12. Smooth rubbers are for (mostly) “spinning” the ball; pips-out rubbers are mostly for “hitting”.  Unfortunately more than 60 to 70% of TTathletes are forcing the issue by using the wrong rubber for wrong irrational reasons (such as hero worshipping fantasies or intense robotNazi peer pressure to use only smooth rubber regardless of reason),  such as mostly trying to “hit” the ball using smooth rubber.   & conversely, yes, there are a few TTathletes (but far fewer cases) who use PipsOut rubbers for spinning the ball but these are usually TTathletes not on the Table-Tennis club / tournament scene & are not are aware of the fact that better spinning rubbers such as smooth rubbers exist.(Usually the robotNazis convert them the same day to smooth rubber in a hurry as soon as they show up at a club LOL)
  13. A professional player using smooth rubber instinctively knows when to hit instead of spinning (& a professional player using Short-Pips instinctively knows when to spin instead of hitting). But from a transference viewpoint , a low level TTathletes obsessed with a specific professional player assumes the pro is hitting the ball most of the time whereas the pro is really not (the ball travels with both so much speed & spin but only the speed is visible to the amateur) .Therefore a lower level smooth rubber player must initially sacrifice hitting & must focus almost exclusively on spinning, as this is the simply nature of smooth rubber by design.(Conversely however, even lower level pips-out hitters should spend significant amount of time learning to TopSpin (loop) the ball, since “hitting” (or in more crass Ping-Pong terminology “smashing” or “slamming”) the ball is more natural at first for more humans until they learn to (top)spin the ball. the  Biggest mistakes that lower level TTathletes using spinny rubbers make, is to go for speed (watching professional TTathletes) .Smooth spinny rubber is mostly for “spinning” just as Short-Pips rubbers are mostly “hitting” or chopping type Long-Pips are for “chopping” or blocking type Long-Pips or Medium-Pips rubbers are for “blocking” or chopping type AntiSpin rubbers are for chopping or blocking type AntiSpin rubbers are for blocking) . When you start learning to play with smooth rubber, goal should be to maximize spin at minimum speed. You speed will improve as your level improve but don’t push it but let it come to you as improve.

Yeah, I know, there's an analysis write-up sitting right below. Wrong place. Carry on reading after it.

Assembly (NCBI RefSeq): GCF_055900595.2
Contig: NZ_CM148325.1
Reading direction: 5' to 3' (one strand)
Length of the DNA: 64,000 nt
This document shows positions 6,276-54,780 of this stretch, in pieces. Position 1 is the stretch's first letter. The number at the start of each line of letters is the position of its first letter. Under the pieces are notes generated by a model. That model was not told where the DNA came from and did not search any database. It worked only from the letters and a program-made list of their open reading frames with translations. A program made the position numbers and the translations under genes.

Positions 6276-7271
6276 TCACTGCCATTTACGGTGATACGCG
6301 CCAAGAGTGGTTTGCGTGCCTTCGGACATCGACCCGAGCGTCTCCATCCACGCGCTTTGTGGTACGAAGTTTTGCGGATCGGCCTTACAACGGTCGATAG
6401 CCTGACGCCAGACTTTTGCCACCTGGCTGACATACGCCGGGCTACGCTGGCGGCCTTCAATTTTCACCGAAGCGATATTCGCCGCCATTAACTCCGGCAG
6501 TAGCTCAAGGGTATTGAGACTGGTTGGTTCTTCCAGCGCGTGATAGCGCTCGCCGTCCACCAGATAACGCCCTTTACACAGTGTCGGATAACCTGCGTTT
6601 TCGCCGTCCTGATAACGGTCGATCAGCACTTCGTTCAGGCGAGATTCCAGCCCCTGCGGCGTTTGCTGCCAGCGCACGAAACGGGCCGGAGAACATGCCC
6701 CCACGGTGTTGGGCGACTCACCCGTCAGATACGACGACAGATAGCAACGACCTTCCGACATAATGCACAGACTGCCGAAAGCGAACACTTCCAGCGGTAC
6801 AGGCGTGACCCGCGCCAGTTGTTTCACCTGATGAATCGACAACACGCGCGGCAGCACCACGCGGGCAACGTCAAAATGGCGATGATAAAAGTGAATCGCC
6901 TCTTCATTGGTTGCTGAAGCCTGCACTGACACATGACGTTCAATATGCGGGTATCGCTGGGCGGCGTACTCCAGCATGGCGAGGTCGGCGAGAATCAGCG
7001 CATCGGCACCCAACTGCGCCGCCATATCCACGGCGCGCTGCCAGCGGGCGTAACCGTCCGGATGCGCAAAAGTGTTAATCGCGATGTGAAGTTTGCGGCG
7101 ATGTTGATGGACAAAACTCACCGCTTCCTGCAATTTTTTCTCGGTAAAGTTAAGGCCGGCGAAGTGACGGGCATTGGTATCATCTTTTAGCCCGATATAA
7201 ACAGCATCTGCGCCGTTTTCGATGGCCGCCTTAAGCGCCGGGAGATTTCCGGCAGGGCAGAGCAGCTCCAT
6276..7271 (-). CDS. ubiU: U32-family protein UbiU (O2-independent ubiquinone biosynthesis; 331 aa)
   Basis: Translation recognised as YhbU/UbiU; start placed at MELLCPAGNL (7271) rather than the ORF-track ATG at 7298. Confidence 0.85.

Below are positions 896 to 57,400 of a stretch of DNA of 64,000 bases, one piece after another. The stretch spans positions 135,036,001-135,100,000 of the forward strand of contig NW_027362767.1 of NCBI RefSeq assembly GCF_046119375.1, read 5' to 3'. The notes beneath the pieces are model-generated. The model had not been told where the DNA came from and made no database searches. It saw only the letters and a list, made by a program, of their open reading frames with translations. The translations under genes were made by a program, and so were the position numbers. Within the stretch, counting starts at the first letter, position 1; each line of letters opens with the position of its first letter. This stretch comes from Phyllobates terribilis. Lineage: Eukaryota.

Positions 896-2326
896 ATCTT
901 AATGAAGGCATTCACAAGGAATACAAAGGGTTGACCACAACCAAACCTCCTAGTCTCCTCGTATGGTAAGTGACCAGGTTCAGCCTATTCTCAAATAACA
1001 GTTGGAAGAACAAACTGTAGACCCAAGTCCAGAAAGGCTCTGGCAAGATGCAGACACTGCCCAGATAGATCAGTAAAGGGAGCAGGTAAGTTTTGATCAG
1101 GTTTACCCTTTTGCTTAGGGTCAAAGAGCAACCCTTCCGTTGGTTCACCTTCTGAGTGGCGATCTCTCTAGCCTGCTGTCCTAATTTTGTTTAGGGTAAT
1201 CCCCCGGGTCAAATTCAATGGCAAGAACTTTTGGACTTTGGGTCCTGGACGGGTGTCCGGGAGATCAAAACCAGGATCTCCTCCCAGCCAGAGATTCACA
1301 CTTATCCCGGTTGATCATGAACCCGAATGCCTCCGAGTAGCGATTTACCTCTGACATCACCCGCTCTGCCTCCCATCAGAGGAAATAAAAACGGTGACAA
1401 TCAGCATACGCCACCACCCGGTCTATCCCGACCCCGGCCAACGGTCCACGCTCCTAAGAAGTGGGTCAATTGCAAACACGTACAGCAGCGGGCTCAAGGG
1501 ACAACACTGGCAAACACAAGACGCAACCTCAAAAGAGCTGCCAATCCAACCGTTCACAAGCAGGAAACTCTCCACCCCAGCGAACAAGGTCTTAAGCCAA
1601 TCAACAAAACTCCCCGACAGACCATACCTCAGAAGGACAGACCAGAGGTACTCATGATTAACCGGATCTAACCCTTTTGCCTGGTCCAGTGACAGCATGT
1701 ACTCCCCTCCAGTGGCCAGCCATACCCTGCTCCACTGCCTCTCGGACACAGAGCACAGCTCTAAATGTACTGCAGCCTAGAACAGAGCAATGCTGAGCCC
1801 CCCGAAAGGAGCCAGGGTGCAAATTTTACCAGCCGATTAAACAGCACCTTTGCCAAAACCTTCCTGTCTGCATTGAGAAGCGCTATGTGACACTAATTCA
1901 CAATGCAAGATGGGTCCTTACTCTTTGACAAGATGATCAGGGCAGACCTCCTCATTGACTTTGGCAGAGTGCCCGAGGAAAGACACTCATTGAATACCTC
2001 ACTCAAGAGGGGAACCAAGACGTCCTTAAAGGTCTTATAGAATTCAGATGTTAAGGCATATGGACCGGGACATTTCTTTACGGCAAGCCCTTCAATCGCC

14. On the flip-side, once you have reached closed to your saturation consistency, you may want to revert back to learning to flat-hitting using smooth rubber or spinning (looping) with pips. This is extremely effective because one subconsciously expects heavier incoming (top)spin from smooth spinny rubber or expects no spin or little spin from (short)pips.
  15. Going forward blocking type Long-Pips will be referred to bLong-Pips & chopping type Long-Pips will be referred to as cLong-Pips whenever needed. bLong-Pips are usually used by close to the table blockers (almost exclusively on backhand) & is an unintended somewhat by product of original intended invention of cLong-Pips used by away from the table classic chop defenders. The cLong-Pips usually have very rough pip tops & lot more friction compared to bLong-Pips which have lot less friction possible pip tops as allowed by 2008 rule change (which drastically limited the minimum friction allowed).
  16. Medium-Pips rubbers are great for blocking at the table but also for attacking. Medium-Pips rubbers are far more effective for attacking with maximum thickness sponge rather than OX (no sponge) since spin is not the dominant factor as much as speed. It is always far better to use a thick sponge Medium-Pips rubber if it is the secondary rubber rather than Short-Pips with sponge (usually the primary rubber is the forehand rubber which is mostly smooth rubber & very few cases attacking Short-Pips rubber) .  A extremely rare case of using Medium-Pips on forehand & smooth spinny rubber on backhand  was 10 time US women’s Champion InSook Bhushan; but in this the smooth rubber on backhand was chopping almost exclusively but on the forehand she both chopped & attacked with Medium-Pips. The Medium-Pips rubber she used was Butterfly Magnitude (probably the best all around defensive / attacking rubber in the 38 mm ball era) & though listed as ITTF LARC legal, is not available in USA. More interesting  story about Butterfly Magnitude was that it was used on backhand with smooth rubber forehand  by 1985 World Women’s Singles Finalist Geng Lijuan.
  17.  Smooth rubbers provide more control (better error margins) via spin
  18. Most of the time the contact angle with the ball is near orthogonal for Short-Pips (with sponge) for hitting. However for TopSpin loops the racket is more open & upward (90 degrees to 60 degrees up from the table) using short-pips but more closed & forward (45 degrees to 5 degrees up from table) using smooth rubbers.
  19. Most of the time the contact angle with the ball is closed tangential for smooth rubbers
  20. Most of the time the contact angle with the ball is open tangential with Long-Pips rubbers
  21. Smooth spinny rubber is ONLY for younger TTathletes (who loop like mad from both wings)